The Buddha, being truly worthy of respect, never judges by the size of one’s offerings. In the past, the boy Virtue Victorious offered a mud pie to the Buddha, and was reborn as King Ashoka and ruled over all of Jambudvīpa. A poor woman cut off her hair and sold it to buy oil [for the Buddha], and not even the winds sweeping down from Mount Sumeru could extinguish the flame of the lamp fed by this oil. Accordingly, your offerings of two and three strings of coins are far greater even than those of the ruler of Japan, who may offer the nation and build a pagoda adorned with the seven kinds of treasures that reaches to the heaven of the thirty-three gods.
A single character of the Lotus Sutra is like the great earth, which gives rise to all things. A single character is like the great ocean, which contains the water from all rivers. A single character is like the sun and moon, which illuminate all four continents.
This single character changes and [becomes the moon. The moon changes and] becomes a Buddha. Rice plants change and become seedlings. Seedlings change and become stalks. Stalks change and become rice. Rice changes and becomes a person. And a person changes and becomes a Buddha. A woman changes and becomes the single character myō. The character myō changes and becomes Shakyamuni Buddha seated on a lotus pedestal.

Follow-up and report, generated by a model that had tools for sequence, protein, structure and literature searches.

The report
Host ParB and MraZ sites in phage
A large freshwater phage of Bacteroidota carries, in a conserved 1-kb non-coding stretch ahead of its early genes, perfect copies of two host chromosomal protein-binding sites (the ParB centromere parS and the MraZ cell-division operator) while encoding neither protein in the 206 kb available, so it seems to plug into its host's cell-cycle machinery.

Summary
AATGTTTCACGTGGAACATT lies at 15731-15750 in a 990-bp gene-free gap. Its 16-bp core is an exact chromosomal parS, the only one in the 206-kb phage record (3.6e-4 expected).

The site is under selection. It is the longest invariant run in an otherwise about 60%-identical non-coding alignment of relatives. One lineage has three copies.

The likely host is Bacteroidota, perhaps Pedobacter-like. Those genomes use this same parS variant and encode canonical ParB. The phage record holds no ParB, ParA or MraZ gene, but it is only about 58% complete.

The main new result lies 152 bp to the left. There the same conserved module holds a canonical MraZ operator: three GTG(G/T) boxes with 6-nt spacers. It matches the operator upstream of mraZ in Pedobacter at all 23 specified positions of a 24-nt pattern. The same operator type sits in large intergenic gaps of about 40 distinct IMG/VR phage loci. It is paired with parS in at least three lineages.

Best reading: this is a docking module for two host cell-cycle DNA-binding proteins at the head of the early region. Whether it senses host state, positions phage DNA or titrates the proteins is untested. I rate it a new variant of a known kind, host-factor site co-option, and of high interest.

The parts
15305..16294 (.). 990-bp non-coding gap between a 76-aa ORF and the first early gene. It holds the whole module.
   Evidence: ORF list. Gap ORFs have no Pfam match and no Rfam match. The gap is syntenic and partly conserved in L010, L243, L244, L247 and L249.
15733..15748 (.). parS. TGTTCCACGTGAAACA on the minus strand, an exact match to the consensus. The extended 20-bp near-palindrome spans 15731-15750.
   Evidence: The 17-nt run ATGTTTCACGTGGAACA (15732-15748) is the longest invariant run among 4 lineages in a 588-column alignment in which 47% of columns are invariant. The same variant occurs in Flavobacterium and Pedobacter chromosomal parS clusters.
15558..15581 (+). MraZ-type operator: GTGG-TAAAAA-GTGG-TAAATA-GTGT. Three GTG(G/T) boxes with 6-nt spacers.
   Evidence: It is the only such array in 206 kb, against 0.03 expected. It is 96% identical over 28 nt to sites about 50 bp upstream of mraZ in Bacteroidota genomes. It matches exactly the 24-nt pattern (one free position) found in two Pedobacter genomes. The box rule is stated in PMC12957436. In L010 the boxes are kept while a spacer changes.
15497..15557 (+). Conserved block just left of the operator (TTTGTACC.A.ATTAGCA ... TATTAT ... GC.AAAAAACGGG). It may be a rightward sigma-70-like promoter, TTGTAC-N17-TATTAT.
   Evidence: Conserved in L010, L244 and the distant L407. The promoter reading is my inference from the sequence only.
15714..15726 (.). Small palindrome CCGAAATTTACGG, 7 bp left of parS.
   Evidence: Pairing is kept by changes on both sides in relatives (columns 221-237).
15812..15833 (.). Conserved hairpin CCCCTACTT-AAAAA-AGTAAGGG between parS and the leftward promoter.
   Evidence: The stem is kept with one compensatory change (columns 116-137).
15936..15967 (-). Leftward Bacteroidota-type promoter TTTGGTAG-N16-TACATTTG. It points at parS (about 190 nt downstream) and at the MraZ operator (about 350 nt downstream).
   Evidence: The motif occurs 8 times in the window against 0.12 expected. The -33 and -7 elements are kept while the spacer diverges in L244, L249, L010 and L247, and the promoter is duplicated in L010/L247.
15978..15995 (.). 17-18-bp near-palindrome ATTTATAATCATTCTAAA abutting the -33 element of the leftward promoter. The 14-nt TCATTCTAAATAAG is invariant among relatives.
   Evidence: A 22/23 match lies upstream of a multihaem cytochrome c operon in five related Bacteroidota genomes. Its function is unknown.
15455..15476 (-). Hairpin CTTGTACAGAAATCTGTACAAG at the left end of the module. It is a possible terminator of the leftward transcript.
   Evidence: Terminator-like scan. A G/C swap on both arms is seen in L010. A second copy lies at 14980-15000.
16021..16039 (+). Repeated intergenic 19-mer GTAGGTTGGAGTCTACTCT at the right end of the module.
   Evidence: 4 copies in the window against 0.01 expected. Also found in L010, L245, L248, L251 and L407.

“The Poor Woman’s Lamp” appears in the Prophecy of Buddhahood for King Ajātashatru Sutra. The version recounted here is different in some particulars. According to the sutra, an old woman in Magadha had always desired to make an offering to the Buddha, but could not fulfill her wish because of her poverty. One day she learned that King Ajātashatru was donating a great quantity of oil to the Buddha for lamps. Deeply impressed, she cut off her hair but could only buy oil for a single lamp. Then, though the lamps offered by King Ajātashatru all eventually went out, her lamp alone continued to burn throughout the night.